UN steps up search for Fijian peacekeepers on Golan Heights as IDF troops look on

Israeli forces took up positions at Quneitra barely 400 meters from Nusra Front militants who attacked a UN base on the Syrian side of the border and seized the 43 Fijians.

August 29, 2014 16:20
4 minute read.
Quneitra crossing

Smoke rises following an explosion on the Syrian side near the Quneitra border crossing between the Golan Heights and Syria, August 29, 2014.. (photo credit: REUTERS)


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UN officials shuttled along the rocky frontier between Syria and the Golan Heights on Friday, trying to establish the whereabouts of 43 United Nations peacekeepers seized by Al-Qaida-linked militants inside Syria.

Israeli forces took up positions at Quneitra, a fortified crossing between Syria and the Golan, barely 400 meters from Nusra Front militants, who attacked a UN base on the Syrian side of the border on Wednesday and seized the 43 Fijians.

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About 80 UN soldiers from the Philippines, all of whom serve with UNDOF, a UN force that has monitored the disengagement zone between Israel and Syria since the 1973 Arab-Israeli War, remain locked down in two camps on the Syrian side of the frontier, military officers in the Philippines said.

Officials from UNDOF, which has about 1,200 peacekeepers from six countries operating in the zone, declined to comment as they left one of their compounds on Friday.

Israeli soldiers, including some redeployed from Gaza, prevented anyone moving too close to the border.

"We're not doing anything, we're just watching," said an Israeli officer, his platoon hunkered down behind a mound of rocks a few hundred yards back from the crossing, the blue UN flag fluttering above the compound in the near distance.

From a lookout point on the Israeli-controlled side, with views across southeastern Syria, Nusra Front rebels could be seen moving on motorbikes and in pick-up trucks, while further away the Syrian army battled opposition forces.

The sound of shelling and heavy gunfire echoed across the valley and plumes of smoke rose from buildings as the fighting played out barely two km (1.2 miles) away.

It is the third time in two years that UNDOF troops have been seized on the Syrian side of the demarcation zone, a measure of the instability since the uprising against Syrian President Bashar Assad began. Until then, UNDOF had been one of the quietest UN peacekeeping posts anywhere in the world.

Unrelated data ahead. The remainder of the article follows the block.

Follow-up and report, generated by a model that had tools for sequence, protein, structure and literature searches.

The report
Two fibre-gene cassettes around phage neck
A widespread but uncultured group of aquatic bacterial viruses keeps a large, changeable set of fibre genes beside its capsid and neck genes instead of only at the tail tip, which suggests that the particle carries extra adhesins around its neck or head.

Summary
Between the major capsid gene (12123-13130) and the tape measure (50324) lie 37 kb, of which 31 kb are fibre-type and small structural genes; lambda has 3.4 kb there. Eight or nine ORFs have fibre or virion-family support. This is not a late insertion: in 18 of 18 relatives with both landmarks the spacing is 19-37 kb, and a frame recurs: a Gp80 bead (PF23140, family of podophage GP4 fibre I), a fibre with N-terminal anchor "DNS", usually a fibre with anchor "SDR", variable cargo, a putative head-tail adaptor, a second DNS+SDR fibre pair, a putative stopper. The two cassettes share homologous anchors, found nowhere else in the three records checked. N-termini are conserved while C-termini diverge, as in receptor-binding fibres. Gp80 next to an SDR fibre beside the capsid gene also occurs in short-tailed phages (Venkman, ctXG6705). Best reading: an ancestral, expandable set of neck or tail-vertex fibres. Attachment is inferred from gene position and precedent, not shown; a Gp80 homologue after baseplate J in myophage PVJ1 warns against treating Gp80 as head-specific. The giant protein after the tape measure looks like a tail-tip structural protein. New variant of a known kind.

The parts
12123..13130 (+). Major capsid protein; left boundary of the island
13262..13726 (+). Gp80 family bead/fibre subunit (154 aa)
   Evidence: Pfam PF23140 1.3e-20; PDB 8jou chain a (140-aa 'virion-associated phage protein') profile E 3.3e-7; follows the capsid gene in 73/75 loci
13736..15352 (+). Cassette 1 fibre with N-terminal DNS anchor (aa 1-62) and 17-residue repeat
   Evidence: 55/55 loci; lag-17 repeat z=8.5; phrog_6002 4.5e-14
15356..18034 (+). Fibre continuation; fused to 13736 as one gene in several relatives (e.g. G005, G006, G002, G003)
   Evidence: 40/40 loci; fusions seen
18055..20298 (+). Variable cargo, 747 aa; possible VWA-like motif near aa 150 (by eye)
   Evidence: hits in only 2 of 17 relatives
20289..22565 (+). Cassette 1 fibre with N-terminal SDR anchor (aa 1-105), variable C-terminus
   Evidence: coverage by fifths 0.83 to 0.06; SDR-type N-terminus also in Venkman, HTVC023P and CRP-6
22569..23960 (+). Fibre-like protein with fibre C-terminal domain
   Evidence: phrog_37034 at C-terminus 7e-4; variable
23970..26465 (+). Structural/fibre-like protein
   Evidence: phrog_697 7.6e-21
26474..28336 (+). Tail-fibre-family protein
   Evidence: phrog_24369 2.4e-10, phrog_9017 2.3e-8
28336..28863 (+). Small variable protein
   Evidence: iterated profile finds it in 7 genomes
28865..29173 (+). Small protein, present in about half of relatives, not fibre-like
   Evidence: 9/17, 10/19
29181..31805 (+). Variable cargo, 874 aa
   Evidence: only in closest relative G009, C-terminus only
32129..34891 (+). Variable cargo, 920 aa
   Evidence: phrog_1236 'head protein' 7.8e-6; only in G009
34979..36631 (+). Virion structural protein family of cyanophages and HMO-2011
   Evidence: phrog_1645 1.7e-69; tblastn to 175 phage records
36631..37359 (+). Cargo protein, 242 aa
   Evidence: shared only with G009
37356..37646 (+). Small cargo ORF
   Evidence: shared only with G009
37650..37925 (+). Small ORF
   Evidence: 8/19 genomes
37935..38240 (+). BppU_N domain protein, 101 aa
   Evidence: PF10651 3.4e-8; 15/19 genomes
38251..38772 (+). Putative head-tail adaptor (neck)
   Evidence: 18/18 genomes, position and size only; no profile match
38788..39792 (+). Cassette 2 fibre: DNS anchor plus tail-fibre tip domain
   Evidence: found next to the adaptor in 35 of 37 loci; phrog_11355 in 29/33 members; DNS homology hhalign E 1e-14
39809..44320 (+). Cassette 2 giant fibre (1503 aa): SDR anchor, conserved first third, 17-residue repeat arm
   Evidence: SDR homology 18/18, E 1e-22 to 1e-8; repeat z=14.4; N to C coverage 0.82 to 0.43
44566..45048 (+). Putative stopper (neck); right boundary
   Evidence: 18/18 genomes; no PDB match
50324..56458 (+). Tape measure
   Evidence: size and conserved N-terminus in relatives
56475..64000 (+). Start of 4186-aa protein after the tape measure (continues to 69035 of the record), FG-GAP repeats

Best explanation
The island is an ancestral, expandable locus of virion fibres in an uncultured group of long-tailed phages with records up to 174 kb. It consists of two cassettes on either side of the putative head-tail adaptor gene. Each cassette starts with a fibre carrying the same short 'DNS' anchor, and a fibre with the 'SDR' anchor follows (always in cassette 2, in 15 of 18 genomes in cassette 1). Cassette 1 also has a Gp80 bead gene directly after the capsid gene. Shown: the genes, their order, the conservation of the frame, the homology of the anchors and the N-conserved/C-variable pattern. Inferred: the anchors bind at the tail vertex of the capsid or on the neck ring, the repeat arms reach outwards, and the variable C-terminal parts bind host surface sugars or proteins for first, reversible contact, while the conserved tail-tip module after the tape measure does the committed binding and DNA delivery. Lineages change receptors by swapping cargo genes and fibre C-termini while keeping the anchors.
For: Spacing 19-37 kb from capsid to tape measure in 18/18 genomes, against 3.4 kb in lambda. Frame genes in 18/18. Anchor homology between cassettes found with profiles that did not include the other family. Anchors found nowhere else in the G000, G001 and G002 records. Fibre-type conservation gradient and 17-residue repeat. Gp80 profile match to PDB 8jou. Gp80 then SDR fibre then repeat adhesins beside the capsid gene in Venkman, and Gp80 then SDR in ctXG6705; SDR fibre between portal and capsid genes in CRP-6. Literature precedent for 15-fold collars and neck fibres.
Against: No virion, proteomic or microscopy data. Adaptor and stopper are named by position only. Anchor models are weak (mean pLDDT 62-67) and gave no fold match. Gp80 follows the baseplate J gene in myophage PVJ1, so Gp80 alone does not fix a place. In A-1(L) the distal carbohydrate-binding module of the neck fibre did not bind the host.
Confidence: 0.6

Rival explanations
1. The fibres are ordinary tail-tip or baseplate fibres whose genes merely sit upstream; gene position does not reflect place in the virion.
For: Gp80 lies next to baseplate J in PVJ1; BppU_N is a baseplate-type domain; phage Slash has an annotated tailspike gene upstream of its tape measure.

In both previous cases those seized were released within days, UN officials said. But the situation appears to be more precarious this time. A militant close to the Nusra Front said the Fijians had been taken because they had been providing medical treatment to wounded soldiers from Assad's army.

In Manila, a senior officer said the Filipino troops holed up on the Syrian side were well-armed, well-trained and had no intention of surrendering to the rebels.

"Our position is a well-fortified position in the area of separation," said Colonel Roberto Ancan, commander of the Philippines Peacekeeping Mission Operation Center.

The Nusra Front had used a Fijian to urge the Filipinos to surrender, he said, but they would not.

"This is just part of the job and they are committed to the mission at hand," Ancan said.

The Golan is a strategic plateau captured by Israel in the Six-Day War and Syria and Israel technically remain at war. UNDOF monitors the area of separation, a narrow strip of land running about 45 miles (70 km) from Mount Hermon on the Lebanese border to the Yarmouk River frontier with Jordan.

A high, rocky plain dotted with mountain peaks and scattered with fruit farms and vineyards, it is also a popular destination for Israelis and foreign tourists.

The fighting did not appear to deter them.

In slightly surreal scenes, tour groups gathered to watch the battle unfold from a viewing point, including a busload of German visitors and a group of Orthodox Jews.

"I feel safer here than I would do in San Francisco," said David Schneider, 62, a New Yorker who moved to Israel 30 years ago, watching the rebels through a pair of binoculars.

Another local, a former Israeli soldier who fought against Syria in the 1967 war, when the Golan Heights were seized, and then again in 1973, called out the types of weapons being used, identifying them by their sound.

"That's a Russian-made .50 caliber gun," he said as a heavy 'ratatat' thudded across the plain. "The Syrian army has those."

Israeli civilians employed by UNDOF were told not to enter the base on the Israeli side on Friday, amid fears of attack from across the demarcation line. They too gathered on a high hill looking into Syria to observe developments.

One employee, Arab-Israeli mechanic Adel Basha, said he had been in the UNDOF compound on Wednesday when the Nusra Front militants attacked the nearby crossing point.

"It was like everything was on fire," he said, showing a video on his mobile phone of heavy shelling.

Philippine army officials said hope remained for an easing of the situation despite the standoff with the Philippine peacekeepers and the lack of knowledge of the precise whereabouts of the Fijians.

The Philippine Foreign Ministry called on the United Nations "to exert every effort to ensure the safety and security of all peacekeepers in UNDOF", which consists of Indian, Nepalese, Irish and Dutch troops, as well as the Fijians and Filipinos.

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